America may have been first to put a man on the moon, but the history the Apollo 11 crew made 50 years ago this week is eclipsed in the view of the New York Times by the Soviet Union being first in the race and gender “equality” department, according to a piece earlier this week on the Times’ website.
“The Cold War was fought as much on an ideological front as a military one, and the Soviet Union often emphasized the sexism and racism of its capitalist opponents – particularly the segregated United States,” wrote Sophie Pinkham in “How the Soviets Won the Space Race for Equality” – subhead: “The USSR sent women and people of color to space years before the U.S.”
“And the space race was a prime opportunity to signal the USSR’s commitment to equality. After putting the first man in space in 1961, the Soviets went on to send the first woman, the first Asian man, and the first black man into orbit – all years before the Americans would follow suit.”
Pinkham wrote that the director of Soviet cosmonaut training put in his diary in 1961 that “We cannot allow the first woman in space to be American. This would be an insult to the patriotic feelings of Soviet women.” Soviet Premier Nikita Khruschchev “agreed, and the search for candidates began.”
Pinkham’s website – sophiepinkham.com – is festooned with a drawn image of bathing suit-clad people enjoying a pool party with a red flag and a ball that reads CCCP – the old Russian abbreviation for the Union of Soviet Socialist Republics – in the background.
It declares she is a “writer and academic specializing in Russian and Ukrainian culture and politics” and promotes a book she wrote about the Ukraine.
The first woman was Valentina Tereshkova, a 26-year-old factory-worker-turned-cosmonaut, who flew a solo mission in 1963 that orbited the Earth 48 times. “Ardent female fans in the USSR saw her triumph as a welcome reaffirmation of the Soviet commitment to gender equality, while women outside the Soviet Union took it as proof that there was no limit to what women could achieve,” Pinkham gushed.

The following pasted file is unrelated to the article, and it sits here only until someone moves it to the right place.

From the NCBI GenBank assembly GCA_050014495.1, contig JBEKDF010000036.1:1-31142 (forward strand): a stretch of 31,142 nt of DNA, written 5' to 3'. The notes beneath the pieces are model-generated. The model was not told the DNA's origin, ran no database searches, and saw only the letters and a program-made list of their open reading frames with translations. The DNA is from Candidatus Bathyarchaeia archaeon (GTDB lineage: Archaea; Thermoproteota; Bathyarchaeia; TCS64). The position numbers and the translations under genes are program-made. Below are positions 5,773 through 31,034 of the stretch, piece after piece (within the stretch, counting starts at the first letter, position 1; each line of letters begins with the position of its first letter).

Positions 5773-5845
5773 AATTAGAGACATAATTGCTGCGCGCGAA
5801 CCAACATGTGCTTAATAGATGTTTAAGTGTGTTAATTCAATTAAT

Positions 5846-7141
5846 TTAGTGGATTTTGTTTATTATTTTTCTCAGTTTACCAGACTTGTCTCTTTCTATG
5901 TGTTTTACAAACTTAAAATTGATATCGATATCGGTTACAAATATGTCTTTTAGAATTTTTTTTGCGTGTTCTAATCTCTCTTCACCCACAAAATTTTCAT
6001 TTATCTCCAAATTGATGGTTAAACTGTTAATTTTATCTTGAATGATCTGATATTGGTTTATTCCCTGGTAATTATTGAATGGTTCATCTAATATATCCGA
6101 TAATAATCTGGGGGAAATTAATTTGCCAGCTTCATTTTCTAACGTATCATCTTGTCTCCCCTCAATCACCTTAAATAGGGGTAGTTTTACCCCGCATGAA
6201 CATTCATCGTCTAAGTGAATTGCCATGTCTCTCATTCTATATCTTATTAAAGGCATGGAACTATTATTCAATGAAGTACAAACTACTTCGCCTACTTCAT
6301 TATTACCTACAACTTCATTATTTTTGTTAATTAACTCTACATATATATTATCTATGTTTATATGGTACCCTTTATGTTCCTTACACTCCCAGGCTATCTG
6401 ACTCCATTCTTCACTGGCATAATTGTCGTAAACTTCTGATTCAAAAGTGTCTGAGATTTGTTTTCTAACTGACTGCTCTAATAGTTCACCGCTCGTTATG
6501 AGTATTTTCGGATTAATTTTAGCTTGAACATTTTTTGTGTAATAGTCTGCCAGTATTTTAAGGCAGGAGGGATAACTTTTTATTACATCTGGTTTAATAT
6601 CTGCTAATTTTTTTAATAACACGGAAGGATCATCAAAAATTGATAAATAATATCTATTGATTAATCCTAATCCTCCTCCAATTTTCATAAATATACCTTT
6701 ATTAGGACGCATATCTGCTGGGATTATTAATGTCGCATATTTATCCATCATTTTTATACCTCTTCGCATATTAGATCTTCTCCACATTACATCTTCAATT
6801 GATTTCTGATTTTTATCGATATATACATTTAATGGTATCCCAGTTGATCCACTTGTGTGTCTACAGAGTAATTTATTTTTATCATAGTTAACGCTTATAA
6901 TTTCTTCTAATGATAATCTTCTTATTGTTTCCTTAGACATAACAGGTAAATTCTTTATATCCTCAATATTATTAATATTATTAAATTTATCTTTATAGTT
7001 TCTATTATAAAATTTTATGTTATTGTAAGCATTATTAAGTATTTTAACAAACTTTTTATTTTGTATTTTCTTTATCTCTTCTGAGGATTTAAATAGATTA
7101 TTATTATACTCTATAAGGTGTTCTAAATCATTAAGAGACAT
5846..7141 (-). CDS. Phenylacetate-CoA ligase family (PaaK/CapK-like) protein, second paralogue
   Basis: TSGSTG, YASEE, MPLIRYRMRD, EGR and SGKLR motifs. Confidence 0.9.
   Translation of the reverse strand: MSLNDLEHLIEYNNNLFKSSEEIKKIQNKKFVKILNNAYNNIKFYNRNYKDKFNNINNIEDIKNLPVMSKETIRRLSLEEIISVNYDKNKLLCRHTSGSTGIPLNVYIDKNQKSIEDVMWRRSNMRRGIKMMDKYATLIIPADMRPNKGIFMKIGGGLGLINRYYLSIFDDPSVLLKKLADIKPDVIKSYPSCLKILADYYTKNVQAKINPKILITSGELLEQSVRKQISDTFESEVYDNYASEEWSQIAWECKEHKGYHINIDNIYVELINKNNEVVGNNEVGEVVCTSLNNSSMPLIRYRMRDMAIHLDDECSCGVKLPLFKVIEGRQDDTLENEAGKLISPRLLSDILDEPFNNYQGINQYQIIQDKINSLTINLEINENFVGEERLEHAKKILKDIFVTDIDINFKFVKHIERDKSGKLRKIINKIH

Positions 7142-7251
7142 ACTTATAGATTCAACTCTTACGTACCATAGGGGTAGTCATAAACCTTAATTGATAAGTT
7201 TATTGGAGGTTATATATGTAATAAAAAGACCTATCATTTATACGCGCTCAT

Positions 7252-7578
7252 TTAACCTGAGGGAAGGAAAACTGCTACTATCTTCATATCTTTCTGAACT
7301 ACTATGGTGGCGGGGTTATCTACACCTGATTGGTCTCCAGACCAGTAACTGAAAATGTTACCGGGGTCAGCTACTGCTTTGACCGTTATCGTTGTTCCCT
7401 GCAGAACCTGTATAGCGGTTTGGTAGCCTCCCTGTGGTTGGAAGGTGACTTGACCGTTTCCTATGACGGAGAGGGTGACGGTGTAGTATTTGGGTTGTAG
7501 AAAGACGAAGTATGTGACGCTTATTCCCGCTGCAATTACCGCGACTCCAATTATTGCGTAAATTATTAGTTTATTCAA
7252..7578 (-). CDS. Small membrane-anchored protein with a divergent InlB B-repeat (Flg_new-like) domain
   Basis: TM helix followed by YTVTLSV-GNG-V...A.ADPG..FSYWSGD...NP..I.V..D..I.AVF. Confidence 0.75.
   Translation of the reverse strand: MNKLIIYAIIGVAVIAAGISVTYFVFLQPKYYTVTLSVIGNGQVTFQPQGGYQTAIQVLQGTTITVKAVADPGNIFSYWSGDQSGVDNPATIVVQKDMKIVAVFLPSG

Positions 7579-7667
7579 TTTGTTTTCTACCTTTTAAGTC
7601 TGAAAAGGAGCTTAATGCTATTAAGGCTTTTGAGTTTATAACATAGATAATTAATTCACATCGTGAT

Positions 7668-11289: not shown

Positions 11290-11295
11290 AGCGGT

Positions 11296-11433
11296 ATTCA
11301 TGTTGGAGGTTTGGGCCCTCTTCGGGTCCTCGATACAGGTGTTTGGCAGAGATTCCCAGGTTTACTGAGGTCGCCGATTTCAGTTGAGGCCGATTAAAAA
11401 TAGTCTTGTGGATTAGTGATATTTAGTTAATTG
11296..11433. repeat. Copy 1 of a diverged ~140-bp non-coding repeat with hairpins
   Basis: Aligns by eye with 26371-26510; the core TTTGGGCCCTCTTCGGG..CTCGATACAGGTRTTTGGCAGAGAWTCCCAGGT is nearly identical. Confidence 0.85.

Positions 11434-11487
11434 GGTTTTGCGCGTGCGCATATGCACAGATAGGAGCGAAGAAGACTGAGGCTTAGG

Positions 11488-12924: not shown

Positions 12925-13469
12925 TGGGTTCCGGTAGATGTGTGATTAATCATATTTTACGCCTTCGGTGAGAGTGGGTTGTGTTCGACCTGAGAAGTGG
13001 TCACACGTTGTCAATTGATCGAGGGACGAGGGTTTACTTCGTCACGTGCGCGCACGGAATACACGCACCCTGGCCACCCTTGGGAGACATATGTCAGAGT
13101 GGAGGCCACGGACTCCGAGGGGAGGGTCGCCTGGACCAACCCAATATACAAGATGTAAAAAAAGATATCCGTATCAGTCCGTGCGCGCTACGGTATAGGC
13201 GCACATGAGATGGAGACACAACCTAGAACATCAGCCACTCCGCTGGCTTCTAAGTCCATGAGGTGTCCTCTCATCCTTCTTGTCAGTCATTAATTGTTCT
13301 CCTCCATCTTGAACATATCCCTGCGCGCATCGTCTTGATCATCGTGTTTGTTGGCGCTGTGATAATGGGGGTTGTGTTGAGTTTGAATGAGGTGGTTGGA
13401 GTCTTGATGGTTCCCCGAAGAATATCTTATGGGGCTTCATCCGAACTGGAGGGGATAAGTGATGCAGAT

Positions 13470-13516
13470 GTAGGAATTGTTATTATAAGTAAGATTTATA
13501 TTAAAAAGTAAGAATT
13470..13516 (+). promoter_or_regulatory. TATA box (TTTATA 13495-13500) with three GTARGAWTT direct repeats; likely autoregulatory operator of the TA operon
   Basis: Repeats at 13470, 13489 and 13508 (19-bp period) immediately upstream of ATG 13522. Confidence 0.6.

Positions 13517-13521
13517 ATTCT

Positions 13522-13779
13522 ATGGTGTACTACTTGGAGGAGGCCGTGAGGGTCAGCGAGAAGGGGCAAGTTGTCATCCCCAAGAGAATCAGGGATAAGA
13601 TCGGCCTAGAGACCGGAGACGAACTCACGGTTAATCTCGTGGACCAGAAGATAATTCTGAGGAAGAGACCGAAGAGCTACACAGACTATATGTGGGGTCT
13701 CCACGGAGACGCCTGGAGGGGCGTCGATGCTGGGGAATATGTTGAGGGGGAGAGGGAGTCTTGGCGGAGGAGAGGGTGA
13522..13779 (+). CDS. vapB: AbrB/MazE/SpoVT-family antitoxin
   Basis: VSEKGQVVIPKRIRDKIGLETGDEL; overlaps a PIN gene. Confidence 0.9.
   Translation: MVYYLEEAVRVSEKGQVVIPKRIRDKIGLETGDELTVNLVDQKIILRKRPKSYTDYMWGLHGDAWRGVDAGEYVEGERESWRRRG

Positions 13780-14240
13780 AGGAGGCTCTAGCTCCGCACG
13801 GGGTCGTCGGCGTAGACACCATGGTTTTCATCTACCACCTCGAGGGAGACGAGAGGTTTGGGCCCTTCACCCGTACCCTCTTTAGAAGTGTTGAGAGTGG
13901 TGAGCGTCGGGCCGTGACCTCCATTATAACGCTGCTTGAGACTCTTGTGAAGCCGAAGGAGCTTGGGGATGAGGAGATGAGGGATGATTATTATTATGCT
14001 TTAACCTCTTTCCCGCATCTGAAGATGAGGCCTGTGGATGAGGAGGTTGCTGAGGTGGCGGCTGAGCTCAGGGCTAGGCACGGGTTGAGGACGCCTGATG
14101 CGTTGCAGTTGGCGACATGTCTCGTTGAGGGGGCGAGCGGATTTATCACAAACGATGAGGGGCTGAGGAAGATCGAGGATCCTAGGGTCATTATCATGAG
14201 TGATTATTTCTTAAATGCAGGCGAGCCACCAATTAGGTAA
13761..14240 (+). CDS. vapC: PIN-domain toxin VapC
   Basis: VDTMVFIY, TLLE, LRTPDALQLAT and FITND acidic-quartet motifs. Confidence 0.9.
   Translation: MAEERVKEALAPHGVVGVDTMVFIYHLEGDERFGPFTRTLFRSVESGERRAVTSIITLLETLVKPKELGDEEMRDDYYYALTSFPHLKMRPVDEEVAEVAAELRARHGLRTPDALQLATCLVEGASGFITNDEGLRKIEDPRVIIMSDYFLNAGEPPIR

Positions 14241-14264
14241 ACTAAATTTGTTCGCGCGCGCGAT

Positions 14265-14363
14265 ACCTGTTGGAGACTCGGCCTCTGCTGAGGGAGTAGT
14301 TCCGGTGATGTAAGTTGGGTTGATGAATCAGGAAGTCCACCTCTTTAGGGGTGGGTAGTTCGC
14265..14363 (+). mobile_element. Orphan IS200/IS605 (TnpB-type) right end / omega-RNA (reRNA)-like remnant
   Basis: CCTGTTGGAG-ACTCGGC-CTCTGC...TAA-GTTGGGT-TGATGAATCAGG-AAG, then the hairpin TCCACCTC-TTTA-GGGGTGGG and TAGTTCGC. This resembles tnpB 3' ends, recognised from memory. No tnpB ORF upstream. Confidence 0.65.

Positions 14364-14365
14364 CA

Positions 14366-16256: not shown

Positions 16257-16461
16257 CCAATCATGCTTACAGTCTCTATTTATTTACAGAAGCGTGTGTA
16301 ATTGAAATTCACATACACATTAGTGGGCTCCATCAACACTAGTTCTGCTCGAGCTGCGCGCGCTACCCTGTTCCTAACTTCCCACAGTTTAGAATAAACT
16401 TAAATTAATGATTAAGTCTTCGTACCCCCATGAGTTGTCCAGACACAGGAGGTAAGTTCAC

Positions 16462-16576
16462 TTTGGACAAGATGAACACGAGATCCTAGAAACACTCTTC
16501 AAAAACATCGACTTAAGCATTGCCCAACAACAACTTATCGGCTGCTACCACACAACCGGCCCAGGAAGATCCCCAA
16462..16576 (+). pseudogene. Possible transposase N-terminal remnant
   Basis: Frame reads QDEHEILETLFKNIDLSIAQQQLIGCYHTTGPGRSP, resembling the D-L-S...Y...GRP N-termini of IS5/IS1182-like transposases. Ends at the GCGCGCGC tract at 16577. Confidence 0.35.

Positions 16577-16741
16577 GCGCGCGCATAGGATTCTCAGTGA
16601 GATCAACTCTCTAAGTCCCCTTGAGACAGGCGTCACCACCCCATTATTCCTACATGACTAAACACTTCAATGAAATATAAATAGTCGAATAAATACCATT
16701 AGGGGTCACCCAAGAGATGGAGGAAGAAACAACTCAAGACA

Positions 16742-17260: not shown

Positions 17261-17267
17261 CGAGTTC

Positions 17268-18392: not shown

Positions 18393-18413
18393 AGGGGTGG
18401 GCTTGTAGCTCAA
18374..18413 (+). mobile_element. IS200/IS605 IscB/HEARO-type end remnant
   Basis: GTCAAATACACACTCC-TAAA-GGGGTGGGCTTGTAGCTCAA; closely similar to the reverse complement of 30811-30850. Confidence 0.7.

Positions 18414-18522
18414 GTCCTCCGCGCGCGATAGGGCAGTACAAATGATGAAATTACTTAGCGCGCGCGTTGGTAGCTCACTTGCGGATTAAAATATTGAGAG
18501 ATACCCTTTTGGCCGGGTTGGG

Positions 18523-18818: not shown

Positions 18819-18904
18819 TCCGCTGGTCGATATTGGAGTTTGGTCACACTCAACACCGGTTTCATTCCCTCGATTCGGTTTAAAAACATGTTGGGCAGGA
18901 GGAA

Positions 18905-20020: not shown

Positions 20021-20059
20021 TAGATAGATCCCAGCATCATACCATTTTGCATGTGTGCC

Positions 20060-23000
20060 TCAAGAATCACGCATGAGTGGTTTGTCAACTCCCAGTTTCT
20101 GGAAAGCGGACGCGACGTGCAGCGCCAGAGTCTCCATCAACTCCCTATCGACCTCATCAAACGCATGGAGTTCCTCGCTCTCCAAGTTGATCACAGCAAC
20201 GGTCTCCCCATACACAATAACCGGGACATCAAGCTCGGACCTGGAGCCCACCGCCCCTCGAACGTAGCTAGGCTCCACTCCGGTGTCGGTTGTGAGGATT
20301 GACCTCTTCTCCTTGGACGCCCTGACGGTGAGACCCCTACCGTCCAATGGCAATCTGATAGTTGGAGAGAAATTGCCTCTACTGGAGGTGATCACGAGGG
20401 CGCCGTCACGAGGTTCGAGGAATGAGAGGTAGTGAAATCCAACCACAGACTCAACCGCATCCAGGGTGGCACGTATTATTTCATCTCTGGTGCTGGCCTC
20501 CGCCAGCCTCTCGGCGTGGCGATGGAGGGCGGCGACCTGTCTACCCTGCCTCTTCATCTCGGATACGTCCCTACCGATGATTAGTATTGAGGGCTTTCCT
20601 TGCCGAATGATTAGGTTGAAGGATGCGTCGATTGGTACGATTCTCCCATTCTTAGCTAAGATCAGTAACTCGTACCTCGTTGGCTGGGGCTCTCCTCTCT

The U.S. would not send a woman into space until Sally Ride in 1983.
This yielded the first Asian in space, she wrote, — Vietnamese pilot Phan Tuan, who flew in July 1980. It also yielded the first African – a pilot in the Cuban Revolutionary Guard named Tamayo Mendez, whom Pinkham informs us that “like Tereshkova,” he had “impeccable socialist credentials.”
This was no accident, Pinkham wrote. “Cosmonaut diversity was key for the Soviet message to the rest of the globe: Under socialism, a person of even the humblest origins could make it all the way up.”
One Twitter follower, who goes by the handle @hollymathnerd and writes about women in math and space fields, took issue with the assertion of the superiority of cosmonaut diversity.
“USSR and Soviet Russia combined? 4 women astronauts since 1963,” she tweeted. “Almost 50, including all these firsts: mother, Chinese-born woman, payload specialist, married couple, black woman, Hispanic woman, shuttle pilot and commander, ISS commander, and teacher. Also oldest.”
A later tweet read: “More USA distinctions for women astronauts: first Indian-American woman in space, first AND second female commander and pilot, most cumulative time in space (665 days), most EVAs, first woman to make 3rd, 4th and 5th flights. Five women (out of 11 total) in current astronaut class.
“Not bad for the space program of a deeply misogynist hellscape country that won’t let any women succeed in STEM, eh?”